May 2019
When in Doubt … Simplify By Christina Salwitz

I’ll make this a quick and efficient read because I know you’ve already run 5 ½ miles of your 12-mile day today in the confines of the garden center, and you’re reading this while you attempt to cram some lunch into your face, hit the bathroom and run back onto the sales floor with a big cheesy grin to sell and answer 11 billion questions.

I’m sending all the power I can muster from my laptop to all of you IGC superheroes!

If you’ve followed me for a bit now, you know that I’m forever going on about good container design, creativity, details, customer service, etc., but for just this crazy busy month where we’re all looking forward to claiming ourselves “safe and accounted for” on our social media after we pass the first chaotic spring rushes, let’s just look at the wee little possibility that maybe chilling out a bit might actually help us get to where we want to go, faster.

“You can’t have everything. Where would you put it?”
 Steven Wright, comedian

The obsession with de-cluttering that author and professional organizer Marie Kondo brought to the world with her book “The Japanese Art of De-Cluttering” has had impact far beyond the idea of cleaning out our closets; it has led millions to look at cleaning out other parts of our lives too.

This leads me to suggest that maybe we should all look at what it might mean if we streamlined or even simplified how we merchandise, how we buy plants and hardgoods, and how we design container combos and hanging baskets for example.

I know that when I’m exhausted, burnt-out and overwhelmed I need to think about what it means to strategize my use of energy. Simplifying and streamlining everything makes a huge difference. It means choosing which goal, which project, which role, problem or dream, or which idea hasn’t been moving forward easily and to give it up that day, week or month. Because believe it or not, you will move more rapidly toward your truest and most important goals when you show discernment.

This doesn’t in any way mean you’re accepting defeat. It means you’re going to move forward with bold confidence into areas where you can be sure you’re investing in the likelihood of getting a good return on your energy output.

Maybe selling that next customer a colorful and complicated, multi-level container design is a great sale and design maverick move, but how many customers would be just as thrilled to have a mono-culture design container that’s low maintenance and drought tolerant too? Or even using edible plants in lovely, sophisticated simplified combos?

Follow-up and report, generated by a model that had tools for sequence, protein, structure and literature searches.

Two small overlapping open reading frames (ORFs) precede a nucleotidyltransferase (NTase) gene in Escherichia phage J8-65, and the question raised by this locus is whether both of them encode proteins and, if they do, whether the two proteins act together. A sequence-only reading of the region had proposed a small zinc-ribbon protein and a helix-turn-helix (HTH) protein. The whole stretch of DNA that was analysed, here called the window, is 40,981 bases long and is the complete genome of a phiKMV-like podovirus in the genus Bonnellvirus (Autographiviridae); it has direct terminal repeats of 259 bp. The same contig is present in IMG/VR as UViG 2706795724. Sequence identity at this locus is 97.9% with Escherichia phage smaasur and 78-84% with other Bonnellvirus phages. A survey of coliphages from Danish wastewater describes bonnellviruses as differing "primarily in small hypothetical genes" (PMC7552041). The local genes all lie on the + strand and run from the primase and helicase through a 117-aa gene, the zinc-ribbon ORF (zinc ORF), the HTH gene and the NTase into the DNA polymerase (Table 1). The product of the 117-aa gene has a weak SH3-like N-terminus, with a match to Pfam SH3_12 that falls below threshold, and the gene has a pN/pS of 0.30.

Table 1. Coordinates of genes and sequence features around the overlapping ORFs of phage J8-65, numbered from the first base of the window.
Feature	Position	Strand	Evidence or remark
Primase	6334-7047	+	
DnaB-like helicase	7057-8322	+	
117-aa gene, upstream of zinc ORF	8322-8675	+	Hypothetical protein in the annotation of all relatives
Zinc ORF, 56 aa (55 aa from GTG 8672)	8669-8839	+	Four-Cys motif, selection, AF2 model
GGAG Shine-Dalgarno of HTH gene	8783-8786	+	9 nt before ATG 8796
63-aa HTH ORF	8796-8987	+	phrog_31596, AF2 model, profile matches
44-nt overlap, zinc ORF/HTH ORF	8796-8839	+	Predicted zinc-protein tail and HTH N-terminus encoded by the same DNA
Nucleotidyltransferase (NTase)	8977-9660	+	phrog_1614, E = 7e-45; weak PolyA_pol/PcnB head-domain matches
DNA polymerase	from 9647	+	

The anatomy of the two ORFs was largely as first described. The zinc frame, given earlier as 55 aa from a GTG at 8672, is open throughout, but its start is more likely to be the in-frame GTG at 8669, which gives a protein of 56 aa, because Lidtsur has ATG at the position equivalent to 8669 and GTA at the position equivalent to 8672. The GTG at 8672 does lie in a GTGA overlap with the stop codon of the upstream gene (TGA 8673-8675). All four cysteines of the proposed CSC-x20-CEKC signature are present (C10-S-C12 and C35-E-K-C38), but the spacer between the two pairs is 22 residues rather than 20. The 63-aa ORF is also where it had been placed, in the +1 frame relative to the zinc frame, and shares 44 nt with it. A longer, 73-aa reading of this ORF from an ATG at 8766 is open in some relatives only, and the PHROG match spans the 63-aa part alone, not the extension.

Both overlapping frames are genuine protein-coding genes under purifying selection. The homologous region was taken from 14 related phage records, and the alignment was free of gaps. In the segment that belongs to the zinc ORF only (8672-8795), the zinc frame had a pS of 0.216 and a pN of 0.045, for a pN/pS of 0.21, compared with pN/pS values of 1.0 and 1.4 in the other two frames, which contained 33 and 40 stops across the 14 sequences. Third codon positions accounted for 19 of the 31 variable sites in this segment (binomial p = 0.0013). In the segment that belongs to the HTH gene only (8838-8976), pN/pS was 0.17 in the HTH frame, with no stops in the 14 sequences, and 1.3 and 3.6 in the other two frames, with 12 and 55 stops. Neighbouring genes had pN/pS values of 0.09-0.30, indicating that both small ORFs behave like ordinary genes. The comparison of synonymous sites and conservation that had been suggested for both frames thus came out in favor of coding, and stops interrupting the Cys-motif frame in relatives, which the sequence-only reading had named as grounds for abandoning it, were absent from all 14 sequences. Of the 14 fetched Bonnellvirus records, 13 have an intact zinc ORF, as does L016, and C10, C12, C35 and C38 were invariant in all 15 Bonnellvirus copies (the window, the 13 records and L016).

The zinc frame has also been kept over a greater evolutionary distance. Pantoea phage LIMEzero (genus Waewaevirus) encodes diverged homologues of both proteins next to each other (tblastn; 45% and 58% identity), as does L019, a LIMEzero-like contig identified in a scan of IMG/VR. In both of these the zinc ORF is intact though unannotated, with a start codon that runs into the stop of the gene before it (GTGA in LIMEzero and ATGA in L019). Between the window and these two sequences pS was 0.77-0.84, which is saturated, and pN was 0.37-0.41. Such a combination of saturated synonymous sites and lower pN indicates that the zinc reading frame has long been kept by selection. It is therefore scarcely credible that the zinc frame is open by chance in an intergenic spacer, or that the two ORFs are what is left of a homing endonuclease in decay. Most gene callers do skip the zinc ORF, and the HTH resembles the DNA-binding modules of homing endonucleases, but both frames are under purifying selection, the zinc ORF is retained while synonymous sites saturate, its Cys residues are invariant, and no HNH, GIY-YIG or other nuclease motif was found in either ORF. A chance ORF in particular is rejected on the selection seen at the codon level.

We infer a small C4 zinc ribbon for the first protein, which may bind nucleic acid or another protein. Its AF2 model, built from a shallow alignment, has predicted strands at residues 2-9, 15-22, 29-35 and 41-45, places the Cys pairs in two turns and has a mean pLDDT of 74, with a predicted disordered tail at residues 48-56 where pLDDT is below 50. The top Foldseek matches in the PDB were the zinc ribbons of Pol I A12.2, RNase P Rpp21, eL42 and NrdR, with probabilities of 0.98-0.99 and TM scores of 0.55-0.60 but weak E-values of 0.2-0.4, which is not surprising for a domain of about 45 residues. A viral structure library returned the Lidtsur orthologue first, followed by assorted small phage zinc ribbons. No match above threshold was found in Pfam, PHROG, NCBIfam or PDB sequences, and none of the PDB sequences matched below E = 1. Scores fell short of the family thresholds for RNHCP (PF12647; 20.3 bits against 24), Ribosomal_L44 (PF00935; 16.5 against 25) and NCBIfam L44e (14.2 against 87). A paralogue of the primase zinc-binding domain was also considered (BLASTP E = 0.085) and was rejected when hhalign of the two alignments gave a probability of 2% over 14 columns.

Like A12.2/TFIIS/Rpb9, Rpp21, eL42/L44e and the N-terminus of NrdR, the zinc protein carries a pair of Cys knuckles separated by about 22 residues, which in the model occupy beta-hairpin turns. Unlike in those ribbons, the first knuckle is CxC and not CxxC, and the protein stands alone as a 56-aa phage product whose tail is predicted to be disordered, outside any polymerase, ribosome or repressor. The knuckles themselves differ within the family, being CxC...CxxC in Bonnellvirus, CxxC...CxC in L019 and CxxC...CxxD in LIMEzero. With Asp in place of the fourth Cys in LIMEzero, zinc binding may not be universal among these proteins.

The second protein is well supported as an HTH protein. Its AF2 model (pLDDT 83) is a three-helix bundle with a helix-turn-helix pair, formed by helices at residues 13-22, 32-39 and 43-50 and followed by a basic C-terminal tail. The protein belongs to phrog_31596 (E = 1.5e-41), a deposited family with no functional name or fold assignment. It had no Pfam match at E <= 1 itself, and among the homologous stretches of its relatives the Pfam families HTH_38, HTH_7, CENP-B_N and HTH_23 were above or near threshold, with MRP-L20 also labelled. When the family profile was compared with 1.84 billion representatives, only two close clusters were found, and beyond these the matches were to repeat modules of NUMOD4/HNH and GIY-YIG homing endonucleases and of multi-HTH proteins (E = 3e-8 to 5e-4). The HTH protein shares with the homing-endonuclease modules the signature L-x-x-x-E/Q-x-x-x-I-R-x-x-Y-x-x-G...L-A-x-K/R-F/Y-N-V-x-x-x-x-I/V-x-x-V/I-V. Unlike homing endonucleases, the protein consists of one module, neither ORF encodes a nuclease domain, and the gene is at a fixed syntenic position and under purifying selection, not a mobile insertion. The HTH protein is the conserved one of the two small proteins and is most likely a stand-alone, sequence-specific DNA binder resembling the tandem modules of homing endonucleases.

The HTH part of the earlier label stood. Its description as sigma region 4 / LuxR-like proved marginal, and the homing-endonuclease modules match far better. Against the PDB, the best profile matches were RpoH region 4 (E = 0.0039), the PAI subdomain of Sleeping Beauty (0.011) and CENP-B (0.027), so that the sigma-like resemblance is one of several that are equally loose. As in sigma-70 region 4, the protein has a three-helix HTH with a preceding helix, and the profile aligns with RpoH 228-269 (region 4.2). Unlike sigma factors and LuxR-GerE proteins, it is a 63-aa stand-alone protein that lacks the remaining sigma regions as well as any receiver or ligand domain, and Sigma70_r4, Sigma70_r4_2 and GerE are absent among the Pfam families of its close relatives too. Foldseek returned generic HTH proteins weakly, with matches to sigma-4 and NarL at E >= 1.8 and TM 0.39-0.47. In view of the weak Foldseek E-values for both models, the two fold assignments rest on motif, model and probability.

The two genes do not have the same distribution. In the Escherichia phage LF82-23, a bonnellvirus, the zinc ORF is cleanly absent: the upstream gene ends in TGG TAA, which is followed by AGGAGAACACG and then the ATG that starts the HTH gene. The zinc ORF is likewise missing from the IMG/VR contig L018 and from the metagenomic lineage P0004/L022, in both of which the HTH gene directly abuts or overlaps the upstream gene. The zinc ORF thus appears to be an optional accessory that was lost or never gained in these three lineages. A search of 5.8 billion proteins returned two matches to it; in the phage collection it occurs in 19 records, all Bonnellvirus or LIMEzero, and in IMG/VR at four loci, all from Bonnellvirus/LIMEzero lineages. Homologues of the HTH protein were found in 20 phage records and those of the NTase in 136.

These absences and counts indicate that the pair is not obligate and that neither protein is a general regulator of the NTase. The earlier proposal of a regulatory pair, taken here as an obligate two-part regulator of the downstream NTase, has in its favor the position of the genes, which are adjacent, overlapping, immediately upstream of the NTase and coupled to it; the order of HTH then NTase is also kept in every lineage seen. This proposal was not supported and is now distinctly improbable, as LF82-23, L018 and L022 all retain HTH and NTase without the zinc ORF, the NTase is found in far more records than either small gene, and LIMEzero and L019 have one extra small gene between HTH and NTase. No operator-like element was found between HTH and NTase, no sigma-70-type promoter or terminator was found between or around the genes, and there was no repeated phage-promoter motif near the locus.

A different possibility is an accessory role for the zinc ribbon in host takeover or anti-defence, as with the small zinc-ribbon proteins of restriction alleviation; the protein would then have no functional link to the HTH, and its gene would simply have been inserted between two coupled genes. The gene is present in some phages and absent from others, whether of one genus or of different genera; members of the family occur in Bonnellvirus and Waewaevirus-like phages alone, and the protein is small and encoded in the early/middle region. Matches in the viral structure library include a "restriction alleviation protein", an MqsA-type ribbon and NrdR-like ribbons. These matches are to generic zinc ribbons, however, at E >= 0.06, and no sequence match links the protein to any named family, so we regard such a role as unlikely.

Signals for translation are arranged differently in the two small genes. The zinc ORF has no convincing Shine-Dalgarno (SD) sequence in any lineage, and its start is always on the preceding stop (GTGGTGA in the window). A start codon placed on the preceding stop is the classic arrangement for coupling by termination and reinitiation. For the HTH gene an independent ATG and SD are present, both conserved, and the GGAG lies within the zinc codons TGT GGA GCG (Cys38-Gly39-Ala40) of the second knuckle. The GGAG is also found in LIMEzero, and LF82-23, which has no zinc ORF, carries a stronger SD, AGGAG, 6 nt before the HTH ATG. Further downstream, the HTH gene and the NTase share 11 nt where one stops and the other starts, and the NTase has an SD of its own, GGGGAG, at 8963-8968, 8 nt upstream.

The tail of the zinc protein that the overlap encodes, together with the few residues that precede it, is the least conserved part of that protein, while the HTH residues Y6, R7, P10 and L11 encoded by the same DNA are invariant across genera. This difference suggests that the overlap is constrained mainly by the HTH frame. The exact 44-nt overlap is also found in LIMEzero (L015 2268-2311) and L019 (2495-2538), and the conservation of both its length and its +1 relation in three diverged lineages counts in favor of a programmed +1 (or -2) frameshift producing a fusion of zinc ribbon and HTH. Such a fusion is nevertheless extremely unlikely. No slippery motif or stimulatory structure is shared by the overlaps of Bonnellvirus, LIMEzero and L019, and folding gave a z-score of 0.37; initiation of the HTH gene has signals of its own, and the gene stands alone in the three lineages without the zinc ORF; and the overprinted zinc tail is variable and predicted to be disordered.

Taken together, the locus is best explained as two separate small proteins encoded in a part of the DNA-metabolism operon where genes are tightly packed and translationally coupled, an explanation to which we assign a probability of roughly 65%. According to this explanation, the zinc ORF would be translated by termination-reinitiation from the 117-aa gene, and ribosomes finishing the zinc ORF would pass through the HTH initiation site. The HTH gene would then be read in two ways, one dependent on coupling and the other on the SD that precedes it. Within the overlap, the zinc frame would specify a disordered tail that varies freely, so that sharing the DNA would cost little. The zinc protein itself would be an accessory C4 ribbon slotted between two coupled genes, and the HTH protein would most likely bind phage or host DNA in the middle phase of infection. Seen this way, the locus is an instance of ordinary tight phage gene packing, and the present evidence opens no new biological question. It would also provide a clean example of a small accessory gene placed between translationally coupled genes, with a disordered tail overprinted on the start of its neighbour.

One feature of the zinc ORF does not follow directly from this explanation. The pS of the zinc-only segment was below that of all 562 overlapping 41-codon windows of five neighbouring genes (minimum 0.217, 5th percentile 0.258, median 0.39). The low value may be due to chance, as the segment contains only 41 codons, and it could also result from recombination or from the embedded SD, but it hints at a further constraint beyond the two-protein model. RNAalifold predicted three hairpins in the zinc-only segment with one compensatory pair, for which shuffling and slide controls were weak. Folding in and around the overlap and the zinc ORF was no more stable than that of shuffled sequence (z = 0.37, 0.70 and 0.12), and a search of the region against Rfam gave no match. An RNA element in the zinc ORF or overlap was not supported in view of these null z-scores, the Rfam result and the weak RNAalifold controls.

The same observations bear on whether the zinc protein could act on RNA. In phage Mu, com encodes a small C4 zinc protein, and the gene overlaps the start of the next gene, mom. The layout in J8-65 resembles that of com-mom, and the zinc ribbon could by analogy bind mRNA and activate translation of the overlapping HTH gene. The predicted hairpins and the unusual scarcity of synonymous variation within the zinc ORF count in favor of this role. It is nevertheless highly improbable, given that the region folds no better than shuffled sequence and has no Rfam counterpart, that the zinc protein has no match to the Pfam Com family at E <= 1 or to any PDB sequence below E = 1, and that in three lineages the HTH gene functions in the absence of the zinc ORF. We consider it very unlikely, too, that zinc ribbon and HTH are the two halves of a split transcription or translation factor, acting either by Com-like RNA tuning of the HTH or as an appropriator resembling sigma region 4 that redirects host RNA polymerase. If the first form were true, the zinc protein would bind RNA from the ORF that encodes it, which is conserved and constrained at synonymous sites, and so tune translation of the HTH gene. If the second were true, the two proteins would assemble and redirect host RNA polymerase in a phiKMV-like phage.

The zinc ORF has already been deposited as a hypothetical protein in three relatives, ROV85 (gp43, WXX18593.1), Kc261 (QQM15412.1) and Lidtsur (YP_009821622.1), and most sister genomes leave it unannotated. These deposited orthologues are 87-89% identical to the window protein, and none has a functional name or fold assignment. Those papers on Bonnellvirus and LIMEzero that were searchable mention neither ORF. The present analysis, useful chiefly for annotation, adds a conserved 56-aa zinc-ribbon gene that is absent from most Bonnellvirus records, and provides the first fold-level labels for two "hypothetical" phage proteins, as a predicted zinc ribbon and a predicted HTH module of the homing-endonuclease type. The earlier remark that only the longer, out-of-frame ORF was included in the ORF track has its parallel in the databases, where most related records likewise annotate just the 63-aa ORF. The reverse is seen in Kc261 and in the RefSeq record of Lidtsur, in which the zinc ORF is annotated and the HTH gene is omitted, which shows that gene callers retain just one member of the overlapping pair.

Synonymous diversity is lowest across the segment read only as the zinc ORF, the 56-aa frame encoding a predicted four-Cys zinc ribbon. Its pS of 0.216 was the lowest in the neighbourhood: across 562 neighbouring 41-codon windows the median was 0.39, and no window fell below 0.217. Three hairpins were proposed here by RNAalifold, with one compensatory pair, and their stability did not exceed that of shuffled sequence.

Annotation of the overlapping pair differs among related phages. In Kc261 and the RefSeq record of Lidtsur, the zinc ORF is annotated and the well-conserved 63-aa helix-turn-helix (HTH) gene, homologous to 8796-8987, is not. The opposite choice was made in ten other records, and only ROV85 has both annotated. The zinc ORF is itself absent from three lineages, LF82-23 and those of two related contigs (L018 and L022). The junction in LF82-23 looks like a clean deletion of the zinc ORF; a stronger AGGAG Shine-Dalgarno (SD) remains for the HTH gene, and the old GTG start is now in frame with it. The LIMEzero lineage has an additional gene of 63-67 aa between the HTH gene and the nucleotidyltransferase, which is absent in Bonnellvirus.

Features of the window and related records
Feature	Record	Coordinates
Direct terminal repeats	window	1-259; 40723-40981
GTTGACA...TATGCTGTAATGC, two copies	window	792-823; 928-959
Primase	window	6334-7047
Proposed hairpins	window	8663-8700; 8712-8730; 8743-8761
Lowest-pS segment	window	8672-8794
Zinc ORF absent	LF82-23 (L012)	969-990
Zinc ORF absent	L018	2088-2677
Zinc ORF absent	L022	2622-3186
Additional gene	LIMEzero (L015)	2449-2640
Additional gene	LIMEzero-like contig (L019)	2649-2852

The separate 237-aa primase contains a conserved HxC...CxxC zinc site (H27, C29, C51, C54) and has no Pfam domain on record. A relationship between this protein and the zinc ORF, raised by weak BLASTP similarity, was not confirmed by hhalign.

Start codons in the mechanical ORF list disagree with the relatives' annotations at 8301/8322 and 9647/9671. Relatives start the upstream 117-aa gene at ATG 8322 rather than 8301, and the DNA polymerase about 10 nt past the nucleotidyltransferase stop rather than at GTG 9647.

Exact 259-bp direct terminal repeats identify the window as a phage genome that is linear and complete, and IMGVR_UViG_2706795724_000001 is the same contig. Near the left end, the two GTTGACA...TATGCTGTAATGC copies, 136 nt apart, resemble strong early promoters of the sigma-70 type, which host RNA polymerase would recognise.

What’s the energy input versus output for both options look like? And if the sales are equal?

Distinctions to Draw

Simplify vs. Eradicate — Simplifying is to make things less complex, (sell three of one type of plant, as opposed to three different) versus eradicating means cutting a line of poorly selling products out entirely.

Space vs. Time — When you have room to think, breathe and your FitBit isn’t saying you’re going to have a heart attack if you keep going, you can better manage those goals and your time because you will be anticipating better. When you don’t have the space, time becomes a limited resource. There is plenty of time if you create enough space.

Outsource vs. Delegate — Outsource means you have access to professional minions to take the responsibility of handling a matter, function or problem. To delegate means that you still “own” the problem but are working with someone who will do their best to solve it.

Ask yourself these questions when you are overwhelmed this time of the year and can’t come up with a design idea to save your life or can’t possibly answer one more tomato question. Do you really need to order all 75 flavors of echinacea or will 40 do? Is it worth repainting the entire store interior or will creating colorful inexpensive backdrop panels and a few better lights do well enough? Do you really need to beat down that certain thorny problem once and for all to feel good about yourself before bed tonight?

What if I gave you permission to give up? Wisely! One of the most interesting benefits of the entire simplifying and streamlining process is one very consistent side effect: you become irresistibly attractive to fresh, new, creative ideas because you gave them the space they needed to flow.

Love it or hate it the show on Netflix called “Tidying Up” starring Kondo features this phenomenon beautifully, just like so many before-and-after shows. Inevitably, the people featured on the show realize how much the “stuff” of their lives was stopping them from creating and living the lives they always wanted. Making the space in their lives stopped them from feeling stressed and overwhelmed.